At the meeting in ‘Inniskillin’ on July 27th, 1703, we have the following remarkable entry, which we give in full.  “Mr. Thompson was at Coraneary and took bonds for securing £ 10 and 25 barrels of oats yearly to Mr. Lee; and Mr. Lee was there and preached a Sabbath since that meeting.  Commissioner now from ‘BREGHY’ is John Hathorn praying that Mr. Lee’s family may be brought up, and that Coraneary may be joined with them and do their proportion in repairing housed and drawing turf for Mr. Lee.  Also from Coraneary, James Moore supplicating that Mr. Lee may be allowed to them every third Sabbath.  Mr. Lee desired to think the matter, submits to Presbytery.  The Presbytery allows BREAKEY one half Mr. Lee’s time, and one fourth part to Coraneary, the other fourth to be applied as the Presbytery think fit.  Two thirds of the amount  of transport charges to be paid by BREAKEY and one third by Coraneary  -- bonds to be brought in from BREAKEY as Coraneary had done.”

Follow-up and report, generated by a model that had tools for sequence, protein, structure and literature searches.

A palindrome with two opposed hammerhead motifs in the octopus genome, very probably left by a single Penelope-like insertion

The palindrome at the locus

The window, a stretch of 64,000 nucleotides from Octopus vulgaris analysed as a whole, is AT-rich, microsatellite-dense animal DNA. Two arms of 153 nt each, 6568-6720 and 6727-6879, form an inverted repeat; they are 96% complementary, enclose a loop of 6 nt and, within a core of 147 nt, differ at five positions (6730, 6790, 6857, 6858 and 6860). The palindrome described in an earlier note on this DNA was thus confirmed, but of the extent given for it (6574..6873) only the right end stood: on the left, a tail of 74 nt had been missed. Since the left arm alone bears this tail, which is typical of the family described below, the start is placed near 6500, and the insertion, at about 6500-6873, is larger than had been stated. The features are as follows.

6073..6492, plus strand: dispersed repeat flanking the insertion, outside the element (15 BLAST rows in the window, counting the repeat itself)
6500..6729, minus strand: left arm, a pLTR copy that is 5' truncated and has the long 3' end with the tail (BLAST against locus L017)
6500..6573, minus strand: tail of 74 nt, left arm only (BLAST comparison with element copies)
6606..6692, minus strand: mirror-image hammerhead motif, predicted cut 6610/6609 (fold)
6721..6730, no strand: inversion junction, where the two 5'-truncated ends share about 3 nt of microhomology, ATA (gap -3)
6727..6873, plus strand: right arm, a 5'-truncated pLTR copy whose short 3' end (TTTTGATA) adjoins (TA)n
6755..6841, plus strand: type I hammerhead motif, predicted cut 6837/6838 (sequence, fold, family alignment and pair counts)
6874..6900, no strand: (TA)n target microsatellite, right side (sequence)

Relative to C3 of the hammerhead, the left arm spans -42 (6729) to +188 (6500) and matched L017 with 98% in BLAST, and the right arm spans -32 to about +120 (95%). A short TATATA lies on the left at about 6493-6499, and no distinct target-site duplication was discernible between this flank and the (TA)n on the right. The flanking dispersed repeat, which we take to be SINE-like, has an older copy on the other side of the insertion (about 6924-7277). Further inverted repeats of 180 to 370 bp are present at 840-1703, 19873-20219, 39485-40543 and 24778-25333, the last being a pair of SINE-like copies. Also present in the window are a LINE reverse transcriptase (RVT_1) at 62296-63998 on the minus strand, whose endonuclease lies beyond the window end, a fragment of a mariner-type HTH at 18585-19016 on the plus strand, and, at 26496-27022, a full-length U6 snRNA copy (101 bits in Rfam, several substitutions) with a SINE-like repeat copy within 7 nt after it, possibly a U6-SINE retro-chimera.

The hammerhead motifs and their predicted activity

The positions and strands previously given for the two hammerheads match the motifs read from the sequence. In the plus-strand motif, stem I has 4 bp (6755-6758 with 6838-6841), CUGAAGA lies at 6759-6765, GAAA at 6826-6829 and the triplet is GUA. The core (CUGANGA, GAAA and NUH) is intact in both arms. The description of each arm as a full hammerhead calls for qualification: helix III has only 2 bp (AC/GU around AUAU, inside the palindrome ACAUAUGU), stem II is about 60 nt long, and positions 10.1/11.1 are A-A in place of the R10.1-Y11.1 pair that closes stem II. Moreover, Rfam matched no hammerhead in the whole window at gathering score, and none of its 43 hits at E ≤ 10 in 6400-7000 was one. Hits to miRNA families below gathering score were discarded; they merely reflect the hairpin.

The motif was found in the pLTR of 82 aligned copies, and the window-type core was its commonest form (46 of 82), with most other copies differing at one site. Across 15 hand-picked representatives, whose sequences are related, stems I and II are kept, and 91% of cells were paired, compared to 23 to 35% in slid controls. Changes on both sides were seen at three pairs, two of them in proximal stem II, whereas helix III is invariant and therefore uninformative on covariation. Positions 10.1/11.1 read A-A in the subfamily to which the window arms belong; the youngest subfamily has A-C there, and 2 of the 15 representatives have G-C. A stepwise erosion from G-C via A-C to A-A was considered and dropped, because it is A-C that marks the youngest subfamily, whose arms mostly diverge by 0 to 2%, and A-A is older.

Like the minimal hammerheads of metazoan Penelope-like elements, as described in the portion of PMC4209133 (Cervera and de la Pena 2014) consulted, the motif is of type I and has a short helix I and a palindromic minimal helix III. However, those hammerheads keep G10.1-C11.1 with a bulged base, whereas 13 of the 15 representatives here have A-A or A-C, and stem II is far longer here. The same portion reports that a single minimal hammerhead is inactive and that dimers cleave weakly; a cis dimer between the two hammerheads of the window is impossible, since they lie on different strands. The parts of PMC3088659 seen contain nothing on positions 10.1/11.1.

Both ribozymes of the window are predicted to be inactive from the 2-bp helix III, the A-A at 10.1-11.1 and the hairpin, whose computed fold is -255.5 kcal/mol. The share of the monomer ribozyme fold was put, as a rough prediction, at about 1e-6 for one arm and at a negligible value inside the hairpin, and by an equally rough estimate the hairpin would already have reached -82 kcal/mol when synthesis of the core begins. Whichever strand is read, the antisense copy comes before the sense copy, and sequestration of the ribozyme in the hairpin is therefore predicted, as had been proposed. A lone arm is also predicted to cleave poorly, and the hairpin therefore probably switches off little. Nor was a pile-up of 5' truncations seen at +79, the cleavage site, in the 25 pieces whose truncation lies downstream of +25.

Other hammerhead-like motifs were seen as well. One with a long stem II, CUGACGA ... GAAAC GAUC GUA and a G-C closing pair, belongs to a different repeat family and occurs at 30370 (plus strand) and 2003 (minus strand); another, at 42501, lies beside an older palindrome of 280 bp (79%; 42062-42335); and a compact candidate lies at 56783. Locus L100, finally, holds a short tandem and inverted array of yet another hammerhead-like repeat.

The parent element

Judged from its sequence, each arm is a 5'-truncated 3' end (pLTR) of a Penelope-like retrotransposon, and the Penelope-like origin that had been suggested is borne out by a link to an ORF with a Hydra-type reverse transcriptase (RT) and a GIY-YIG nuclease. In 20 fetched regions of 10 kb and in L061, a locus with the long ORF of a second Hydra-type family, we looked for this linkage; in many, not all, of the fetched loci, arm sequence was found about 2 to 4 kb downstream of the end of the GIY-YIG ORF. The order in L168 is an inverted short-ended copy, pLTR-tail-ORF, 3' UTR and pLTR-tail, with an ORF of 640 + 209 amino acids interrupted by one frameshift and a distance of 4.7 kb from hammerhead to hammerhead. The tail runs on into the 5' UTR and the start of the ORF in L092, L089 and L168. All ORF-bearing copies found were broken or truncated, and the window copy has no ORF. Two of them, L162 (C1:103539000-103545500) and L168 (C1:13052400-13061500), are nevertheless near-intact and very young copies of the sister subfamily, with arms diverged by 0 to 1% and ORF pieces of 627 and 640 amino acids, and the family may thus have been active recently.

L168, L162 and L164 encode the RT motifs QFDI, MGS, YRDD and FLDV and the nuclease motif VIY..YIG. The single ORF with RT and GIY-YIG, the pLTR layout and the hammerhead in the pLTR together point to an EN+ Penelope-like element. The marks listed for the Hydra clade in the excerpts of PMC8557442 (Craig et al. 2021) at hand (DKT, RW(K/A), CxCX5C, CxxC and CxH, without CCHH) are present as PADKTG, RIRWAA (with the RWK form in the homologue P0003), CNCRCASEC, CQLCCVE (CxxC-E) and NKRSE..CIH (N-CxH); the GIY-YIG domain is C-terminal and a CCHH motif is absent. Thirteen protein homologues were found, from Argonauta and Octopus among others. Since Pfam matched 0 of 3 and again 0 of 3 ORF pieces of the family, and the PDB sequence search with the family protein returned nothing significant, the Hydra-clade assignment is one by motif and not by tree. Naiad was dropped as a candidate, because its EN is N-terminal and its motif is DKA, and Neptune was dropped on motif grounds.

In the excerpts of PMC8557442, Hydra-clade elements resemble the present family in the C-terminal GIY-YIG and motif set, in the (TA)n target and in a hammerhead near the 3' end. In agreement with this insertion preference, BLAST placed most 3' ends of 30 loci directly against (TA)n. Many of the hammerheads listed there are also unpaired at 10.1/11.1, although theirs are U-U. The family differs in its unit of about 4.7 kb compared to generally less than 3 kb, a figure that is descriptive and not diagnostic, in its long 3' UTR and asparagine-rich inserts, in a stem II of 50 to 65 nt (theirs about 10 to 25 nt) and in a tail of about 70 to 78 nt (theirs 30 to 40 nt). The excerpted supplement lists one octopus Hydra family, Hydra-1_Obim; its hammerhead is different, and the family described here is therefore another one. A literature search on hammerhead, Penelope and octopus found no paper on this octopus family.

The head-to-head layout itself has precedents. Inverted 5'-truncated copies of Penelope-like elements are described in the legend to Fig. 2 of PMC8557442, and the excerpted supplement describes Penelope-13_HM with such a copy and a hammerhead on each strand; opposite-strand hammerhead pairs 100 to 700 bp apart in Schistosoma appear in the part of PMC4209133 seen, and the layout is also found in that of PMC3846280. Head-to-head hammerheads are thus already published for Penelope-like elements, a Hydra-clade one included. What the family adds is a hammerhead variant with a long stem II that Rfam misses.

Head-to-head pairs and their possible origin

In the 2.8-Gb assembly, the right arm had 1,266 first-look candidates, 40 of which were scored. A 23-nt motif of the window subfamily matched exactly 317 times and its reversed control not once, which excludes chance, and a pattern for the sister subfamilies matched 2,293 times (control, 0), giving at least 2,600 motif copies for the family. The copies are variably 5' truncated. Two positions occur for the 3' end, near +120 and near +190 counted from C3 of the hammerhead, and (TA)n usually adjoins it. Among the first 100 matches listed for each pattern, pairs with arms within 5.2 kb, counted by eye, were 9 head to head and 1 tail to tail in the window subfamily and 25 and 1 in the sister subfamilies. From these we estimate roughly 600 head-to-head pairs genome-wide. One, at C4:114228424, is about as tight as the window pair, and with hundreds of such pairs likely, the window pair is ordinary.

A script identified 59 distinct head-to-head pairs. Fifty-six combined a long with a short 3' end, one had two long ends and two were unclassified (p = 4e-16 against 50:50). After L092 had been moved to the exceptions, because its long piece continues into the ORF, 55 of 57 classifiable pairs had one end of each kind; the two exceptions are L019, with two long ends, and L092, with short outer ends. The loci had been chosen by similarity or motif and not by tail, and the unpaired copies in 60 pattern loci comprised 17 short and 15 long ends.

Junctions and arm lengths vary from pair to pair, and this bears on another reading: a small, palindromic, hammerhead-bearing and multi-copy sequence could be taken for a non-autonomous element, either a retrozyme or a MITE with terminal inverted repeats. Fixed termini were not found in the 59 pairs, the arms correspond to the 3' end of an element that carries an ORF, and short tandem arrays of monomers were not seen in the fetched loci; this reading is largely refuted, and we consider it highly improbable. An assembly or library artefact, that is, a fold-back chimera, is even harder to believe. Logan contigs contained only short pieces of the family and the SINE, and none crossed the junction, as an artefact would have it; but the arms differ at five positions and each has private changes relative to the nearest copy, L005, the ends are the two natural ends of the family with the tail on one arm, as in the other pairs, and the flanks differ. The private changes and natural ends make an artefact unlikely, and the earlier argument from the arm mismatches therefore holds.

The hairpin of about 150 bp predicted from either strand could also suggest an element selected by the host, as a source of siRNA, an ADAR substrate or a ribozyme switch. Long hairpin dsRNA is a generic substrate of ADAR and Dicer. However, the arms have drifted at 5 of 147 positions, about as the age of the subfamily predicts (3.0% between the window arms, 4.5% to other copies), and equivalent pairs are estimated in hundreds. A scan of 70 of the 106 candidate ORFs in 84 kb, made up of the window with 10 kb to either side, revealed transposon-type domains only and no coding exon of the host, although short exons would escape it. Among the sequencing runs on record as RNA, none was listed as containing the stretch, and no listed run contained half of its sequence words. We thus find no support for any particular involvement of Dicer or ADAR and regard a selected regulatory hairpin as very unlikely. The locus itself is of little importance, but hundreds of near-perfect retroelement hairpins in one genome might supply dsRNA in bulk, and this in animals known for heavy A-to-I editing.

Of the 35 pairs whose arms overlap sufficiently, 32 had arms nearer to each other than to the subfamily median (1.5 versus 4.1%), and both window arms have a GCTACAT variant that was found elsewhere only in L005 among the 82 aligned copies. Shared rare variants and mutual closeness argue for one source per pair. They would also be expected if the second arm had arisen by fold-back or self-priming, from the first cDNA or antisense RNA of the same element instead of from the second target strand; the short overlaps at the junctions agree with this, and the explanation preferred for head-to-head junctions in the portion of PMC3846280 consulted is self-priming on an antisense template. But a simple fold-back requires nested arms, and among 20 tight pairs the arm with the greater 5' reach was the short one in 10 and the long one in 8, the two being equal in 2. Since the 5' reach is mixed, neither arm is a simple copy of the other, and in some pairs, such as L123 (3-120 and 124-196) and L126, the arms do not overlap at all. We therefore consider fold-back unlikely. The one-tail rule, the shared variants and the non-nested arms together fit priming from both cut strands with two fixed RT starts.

Here, therefore, we have the formation of the congregation of BREAKEY; but to it there is another appended and to receive a portion of the services of the same minister, and who contribute their share to his stipend and other necessary expenses.  The district comprehended in the latter, Coraneary, roughly speaking, (58) would lie between the Lougharleagh mountains on the one side, and Drumgood river on the other, and from Shercock to Killinkern, with Bailieborough in the centre – Coraneary itself being near the western side.  That well-known ‘Plantation’ name was evidently taken as suitable to define the whole district over which the second portion was distributed.